I'm in DC for tomorrow's Ways & Means Hearing on Fair and Equitable Tax Policy for America's Working Families. In preparing for the hearing, I was reading the Joint Committee on Taxation's report on carried interest, which cites the Glom. (!) See footnote 112.
In the meantime, I've just posted a new paper on SSRN, Taxing Blackstone. Here's the abstract:
This Essay analyzes the "Blackstone Bill," which would treat Blackstone and other publicly-traded private equity firms as corporations for tax purposes. Earlier this year, the Blackstone IPO fueled a heated, somewhat confusing debate about taxing private equity. This Essay seeks to clarify what the legislation will accomplish, and what it won't.
There are two ways of looking at the Blackstone Bill. The first way is as a substantive change in the tax law. Specifically, the bill may be viewed as a rifleshot approach to changing the tax treatment of carried interest. The second way is to think of the bill as a mechanical correction of the publicly-traded partnership rules. Specifically, the bill may be viewed as a technocratic response to the regulatory gamesmanship of Blackstone's deal structure, which allows it to avoid the corporate tax that other, similarly-situated financial intermediaries pay.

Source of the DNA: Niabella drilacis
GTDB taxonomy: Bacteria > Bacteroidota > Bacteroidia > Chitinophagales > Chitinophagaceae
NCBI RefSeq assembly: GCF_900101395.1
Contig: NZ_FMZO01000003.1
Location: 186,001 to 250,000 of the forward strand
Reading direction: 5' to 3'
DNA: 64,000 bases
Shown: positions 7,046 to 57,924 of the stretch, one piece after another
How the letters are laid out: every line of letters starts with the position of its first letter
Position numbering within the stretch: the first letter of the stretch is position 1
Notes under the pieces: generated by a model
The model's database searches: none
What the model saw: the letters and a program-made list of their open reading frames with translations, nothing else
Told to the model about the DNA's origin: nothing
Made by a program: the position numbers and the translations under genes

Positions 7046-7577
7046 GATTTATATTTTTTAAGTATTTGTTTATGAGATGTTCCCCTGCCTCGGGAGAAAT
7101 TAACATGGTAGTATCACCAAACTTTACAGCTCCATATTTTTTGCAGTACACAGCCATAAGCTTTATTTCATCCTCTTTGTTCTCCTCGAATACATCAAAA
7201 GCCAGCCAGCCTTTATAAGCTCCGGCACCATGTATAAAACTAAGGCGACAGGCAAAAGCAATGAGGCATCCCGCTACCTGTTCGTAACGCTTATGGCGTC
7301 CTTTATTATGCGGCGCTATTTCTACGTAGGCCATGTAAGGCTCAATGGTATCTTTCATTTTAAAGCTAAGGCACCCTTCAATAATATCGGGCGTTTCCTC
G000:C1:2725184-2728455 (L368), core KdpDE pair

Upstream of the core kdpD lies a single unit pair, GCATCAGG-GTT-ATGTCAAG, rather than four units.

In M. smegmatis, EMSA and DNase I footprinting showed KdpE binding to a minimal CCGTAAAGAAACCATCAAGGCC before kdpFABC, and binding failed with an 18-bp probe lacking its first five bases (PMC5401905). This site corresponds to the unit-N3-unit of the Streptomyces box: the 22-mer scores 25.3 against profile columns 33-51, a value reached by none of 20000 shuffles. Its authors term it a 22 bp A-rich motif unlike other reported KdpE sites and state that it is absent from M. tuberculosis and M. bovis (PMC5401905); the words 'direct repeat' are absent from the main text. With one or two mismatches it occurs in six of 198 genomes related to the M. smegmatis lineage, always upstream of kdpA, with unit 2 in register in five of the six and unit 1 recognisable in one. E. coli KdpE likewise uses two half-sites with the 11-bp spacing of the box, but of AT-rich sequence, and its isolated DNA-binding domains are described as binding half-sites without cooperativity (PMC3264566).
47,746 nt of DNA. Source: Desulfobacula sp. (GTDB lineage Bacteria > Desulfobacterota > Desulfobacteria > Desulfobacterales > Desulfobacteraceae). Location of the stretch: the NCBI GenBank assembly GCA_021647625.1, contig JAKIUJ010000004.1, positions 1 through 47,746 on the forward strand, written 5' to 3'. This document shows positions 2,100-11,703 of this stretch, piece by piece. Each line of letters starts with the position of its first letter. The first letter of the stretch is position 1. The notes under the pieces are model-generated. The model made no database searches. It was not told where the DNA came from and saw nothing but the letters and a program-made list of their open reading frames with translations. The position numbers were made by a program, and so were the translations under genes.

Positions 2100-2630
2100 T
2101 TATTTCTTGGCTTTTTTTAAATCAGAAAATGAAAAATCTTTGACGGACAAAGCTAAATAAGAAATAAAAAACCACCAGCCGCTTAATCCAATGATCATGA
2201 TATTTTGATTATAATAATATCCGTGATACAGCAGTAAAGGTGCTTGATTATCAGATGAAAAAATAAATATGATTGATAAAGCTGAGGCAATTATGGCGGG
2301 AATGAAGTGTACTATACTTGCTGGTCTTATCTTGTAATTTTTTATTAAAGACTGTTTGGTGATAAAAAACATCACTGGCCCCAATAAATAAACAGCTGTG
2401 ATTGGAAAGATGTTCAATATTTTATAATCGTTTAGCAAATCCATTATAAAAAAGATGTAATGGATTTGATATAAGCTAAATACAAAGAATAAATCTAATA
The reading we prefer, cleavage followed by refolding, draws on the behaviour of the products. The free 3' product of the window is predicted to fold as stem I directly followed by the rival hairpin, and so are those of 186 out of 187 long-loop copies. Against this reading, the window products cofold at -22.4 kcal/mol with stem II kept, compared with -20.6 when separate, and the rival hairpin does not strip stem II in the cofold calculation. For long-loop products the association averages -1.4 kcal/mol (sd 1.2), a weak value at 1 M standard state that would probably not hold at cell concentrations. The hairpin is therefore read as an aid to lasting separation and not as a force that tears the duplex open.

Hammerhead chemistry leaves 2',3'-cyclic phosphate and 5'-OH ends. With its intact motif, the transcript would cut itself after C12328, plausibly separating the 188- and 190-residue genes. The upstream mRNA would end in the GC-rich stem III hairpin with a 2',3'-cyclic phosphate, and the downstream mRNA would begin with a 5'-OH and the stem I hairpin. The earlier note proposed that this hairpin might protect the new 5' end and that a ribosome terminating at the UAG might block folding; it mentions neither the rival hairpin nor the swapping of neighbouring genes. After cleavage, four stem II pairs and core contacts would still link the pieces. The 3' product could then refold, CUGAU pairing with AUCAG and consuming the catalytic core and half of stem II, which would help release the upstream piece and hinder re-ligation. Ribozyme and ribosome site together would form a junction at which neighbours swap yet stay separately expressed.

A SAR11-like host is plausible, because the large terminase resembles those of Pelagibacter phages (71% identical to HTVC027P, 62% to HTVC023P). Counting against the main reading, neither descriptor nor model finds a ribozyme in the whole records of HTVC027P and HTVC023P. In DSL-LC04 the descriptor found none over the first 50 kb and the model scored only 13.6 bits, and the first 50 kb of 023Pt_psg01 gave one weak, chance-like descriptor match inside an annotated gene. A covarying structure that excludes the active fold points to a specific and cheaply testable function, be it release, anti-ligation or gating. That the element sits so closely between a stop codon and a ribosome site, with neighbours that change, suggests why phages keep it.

In terms of a change in the substantive tax treatment of carried interest, the merits of the Blackstone Bill are questionable. The efficiency and distributive consequences are unclear; the revenue potential is indeterminate. The bill fails to achieve what we ultimately want: taxing the returns from managing financial assets consistently regardless of the form in which the business is conducted.
But the Blackstone Bill is nonetheless defensible as a response to aggressive regulatory gamesmanship. To put it more provocatively, the bill is justifiable because the Blackstone IPO structure is offensive to the rule of law values on which our tax system relies.
You can download the paper here, or email me.
Or, if you prefer the snazzy visuals (click on the images for a less-blurry view):
This paper was a tough one to write. The normative case for taxing Blackstone as a corporation is weaker than I thought when I started the paper; the weakness relates directly to the shaky case for having a corporate tax at all. And yet there is something to be said for enforcing rules, flawed as they may be. I would prefer that Congress reform the taxation of carried interest and, so long as I'm at the wishing well, I would wish for reform of Subchapter M and integration of corporate and shareholder-level taxes. But taking the corporate tax and current tax treatment of carried interest as a given (at least in the short run), I do think the Blackstone Bill is worth passing.
I welcome your comments and suggestions by email.
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